Think outside the box to improve education
There have been many measures suggested for increasing performance in Buffalo Public Schools. One of them is to have longer days. I submit this approach will have limited success without much greater involvement of parents and vested interests, including Buffalo businesses and colleges. The problem is how to get them involved.
Students who are concentrating in college preparatory curriculums probably need limited extra help. Those who are drifting and unfocused should be directed toward graduating with basic proficiency in subject areas that will enable them to be competitive for entry-level jobs such as auto repair, carpentry, electronics, practical nursing, plumbing, retailing, computer operation, etc.
How do we increase parental interest and participation – the most difficult endeavor? I suggest we must first reach out to them with mailings and public media explaining how their children can increase their opportunities of finding basic-level employment in the trades. Increased stimulus could include providing food stamps or other tangible means to the parents. Perhaps these incentives could be linked to school attendance.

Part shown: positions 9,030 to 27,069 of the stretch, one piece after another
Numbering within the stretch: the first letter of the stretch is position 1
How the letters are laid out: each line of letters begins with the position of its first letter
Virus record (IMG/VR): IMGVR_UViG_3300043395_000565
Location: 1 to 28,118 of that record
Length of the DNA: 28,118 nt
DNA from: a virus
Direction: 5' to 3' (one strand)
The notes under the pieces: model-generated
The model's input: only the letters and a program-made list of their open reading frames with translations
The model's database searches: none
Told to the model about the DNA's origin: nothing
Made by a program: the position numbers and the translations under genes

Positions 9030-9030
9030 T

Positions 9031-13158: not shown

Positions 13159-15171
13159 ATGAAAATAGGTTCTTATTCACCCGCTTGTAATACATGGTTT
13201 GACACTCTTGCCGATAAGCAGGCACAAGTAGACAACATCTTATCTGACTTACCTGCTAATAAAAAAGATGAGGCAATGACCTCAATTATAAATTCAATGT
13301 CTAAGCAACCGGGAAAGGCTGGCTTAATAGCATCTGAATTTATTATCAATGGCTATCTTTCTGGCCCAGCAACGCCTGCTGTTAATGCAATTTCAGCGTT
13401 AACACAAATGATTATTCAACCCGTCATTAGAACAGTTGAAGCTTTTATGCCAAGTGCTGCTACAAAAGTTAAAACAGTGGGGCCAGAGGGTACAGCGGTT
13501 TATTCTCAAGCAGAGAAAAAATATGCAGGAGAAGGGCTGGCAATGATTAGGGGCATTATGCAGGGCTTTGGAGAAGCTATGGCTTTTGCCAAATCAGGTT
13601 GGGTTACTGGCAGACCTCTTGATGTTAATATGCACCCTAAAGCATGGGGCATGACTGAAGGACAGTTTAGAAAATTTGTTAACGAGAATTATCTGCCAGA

I submit that employers in Western New York do have greatly vested interests in having a strong, reliable pool of high school graduates with core skills that can be applied to their operations at entry level. They can greatly enhance this goal by visiting schools and presenting real-world applications of basic skills (reading, writing, math, typing, computer, etc.) that are needed in their trades and businesses.
It would be quite beneficial if this program enlisted the help of local college students to assist teachers as tutors in the above subjects.
I may be thinking “out of the box” but serious and innovative measures must be taken to provide greater interest and opportunities to Buffalo students.
Richard P. Leonard